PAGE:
Structural aspects of leg-to-gonopod metamorphosis in male helminthomorph millipedes (Diplopoda)
Department of Biology, University of Padova, I 35131 Padova, Italy
Frontiers in Zoology 2011, 8:19 doi:10.1186/1742-9994-8-19Published: 22 August 2011
In the adult males of helminthomorph millipedes, one or two pairs of legs in the anterior part of the trunk are strongly modified into sexual appendages (gonopods) used for sperm transfer during the copula. Gonopods differentiate in an advanced phase of post-embryonic development, in most cases as replacement for the walking legs of the seventh trunk ring, as these first regress to tiny primordia, to eventually develop into gonopods at a subsequent stadium. These extremely localized but dramatic changes have been described as a non-systemic metamorphosis. In the present study we describe morphological and anatomical changes of trunk ring VII associated with non-systemic metamorphosis in four helminthomorph species.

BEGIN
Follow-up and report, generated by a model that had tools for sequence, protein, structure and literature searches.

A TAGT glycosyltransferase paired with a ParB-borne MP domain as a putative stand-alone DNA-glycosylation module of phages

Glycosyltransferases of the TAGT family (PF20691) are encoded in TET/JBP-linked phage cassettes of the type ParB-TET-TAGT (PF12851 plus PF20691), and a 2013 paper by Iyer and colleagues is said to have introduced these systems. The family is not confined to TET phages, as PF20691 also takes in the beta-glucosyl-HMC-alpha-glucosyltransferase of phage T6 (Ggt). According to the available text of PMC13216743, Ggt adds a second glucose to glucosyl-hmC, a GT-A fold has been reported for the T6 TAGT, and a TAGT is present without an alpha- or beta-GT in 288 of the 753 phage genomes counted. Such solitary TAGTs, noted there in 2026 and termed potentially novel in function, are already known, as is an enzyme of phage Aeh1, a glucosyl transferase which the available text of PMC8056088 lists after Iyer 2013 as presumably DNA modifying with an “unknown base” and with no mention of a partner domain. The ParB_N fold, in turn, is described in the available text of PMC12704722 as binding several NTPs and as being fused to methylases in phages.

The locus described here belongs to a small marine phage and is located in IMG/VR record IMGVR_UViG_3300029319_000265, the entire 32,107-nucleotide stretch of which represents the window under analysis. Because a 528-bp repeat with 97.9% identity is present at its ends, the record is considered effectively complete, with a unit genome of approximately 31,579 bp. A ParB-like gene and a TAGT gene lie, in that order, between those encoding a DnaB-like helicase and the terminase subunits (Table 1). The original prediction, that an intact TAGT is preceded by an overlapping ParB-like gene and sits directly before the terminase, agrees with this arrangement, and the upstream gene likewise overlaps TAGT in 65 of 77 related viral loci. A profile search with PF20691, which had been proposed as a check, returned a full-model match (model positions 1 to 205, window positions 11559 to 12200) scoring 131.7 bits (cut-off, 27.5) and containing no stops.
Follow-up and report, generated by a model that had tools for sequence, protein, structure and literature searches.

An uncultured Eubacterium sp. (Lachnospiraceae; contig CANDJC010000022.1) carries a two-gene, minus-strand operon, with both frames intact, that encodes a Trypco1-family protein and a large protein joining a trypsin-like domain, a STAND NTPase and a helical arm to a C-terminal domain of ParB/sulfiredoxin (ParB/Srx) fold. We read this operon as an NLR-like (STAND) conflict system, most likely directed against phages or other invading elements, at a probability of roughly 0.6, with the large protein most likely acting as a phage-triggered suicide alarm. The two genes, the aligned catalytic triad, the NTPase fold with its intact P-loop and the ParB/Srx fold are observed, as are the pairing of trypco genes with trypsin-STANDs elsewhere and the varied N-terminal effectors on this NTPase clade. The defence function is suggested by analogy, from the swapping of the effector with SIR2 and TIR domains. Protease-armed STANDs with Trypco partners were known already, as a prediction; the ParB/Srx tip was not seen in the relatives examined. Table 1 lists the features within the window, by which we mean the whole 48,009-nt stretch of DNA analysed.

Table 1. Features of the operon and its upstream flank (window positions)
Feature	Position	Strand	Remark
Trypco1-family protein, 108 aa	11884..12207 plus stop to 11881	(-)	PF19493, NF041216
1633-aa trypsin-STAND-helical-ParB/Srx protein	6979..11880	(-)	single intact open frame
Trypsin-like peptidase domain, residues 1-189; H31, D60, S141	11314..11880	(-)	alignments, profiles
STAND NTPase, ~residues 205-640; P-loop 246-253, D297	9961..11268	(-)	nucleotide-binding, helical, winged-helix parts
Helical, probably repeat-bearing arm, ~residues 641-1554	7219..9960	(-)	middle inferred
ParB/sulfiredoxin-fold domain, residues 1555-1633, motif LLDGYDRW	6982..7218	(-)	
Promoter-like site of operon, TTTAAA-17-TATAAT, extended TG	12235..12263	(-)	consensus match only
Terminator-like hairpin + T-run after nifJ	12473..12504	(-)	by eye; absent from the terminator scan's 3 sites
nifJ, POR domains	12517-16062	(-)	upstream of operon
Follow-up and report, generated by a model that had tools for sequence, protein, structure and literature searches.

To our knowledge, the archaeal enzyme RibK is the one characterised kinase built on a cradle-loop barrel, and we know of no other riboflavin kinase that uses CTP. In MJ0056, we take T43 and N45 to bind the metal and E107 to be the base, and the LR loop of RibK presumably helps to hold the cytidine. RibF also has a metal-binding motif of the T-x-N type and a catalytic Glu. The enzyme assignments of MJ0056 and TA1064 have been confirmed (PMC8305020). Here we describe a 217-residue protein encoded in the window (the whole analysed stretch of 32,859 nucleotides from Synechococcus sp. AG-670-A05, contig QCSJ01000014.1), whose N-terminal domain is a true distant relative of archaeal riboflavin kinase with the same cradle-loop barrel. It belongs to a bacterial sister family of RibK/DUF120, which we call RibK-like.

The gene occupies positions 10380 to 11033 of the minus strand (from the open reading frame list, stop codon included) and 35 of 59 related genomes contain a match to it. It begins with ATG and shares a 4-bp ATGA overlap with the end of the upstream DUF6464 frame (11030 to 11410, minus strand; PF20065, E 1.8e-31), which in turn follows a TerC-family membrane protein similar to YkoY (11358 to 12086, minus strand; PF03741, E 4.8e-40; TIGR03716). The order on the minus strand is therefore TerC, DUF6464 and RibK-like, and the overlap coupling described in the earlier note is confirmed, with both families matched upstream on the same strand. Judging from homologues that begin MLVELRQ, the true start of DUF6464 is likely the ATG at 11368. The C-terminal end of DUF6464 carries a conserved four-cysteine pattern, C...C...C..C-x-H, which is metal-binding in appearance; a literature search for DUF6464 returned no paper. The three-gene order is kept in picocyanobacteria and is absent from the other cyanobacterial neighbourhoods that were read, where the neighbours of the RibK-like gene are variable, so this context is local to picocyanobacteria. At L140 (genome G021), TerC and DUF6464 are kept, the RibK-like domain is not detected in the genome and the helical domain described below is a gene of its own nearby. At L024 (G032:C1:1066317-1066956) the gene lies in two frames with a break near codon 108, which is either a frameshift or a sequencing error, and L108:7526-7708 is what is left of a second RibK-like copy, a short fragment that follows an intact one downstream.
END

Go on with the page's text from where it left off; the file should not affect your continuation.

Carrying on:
As documented here for the first time by means of traditional histology methods and new techniques based on confocal laser scanning microscopy, the external modifications caused by non-systemic metamorphosis are associated to a huge rearrangement of internal anatomy, mostly due to the development of gonopod apodemes and extrinsic muscles.
Internal changes in the seventh trunk ring, locally leading to the dorsal displacement of the ventral nerve cord and the digestive tract, are modulated in a taxon-specific manner, and are very conspicuous in the blaniulids Nopoiulus kochii and Blaniulus guttulatus, with likely major functional consequences.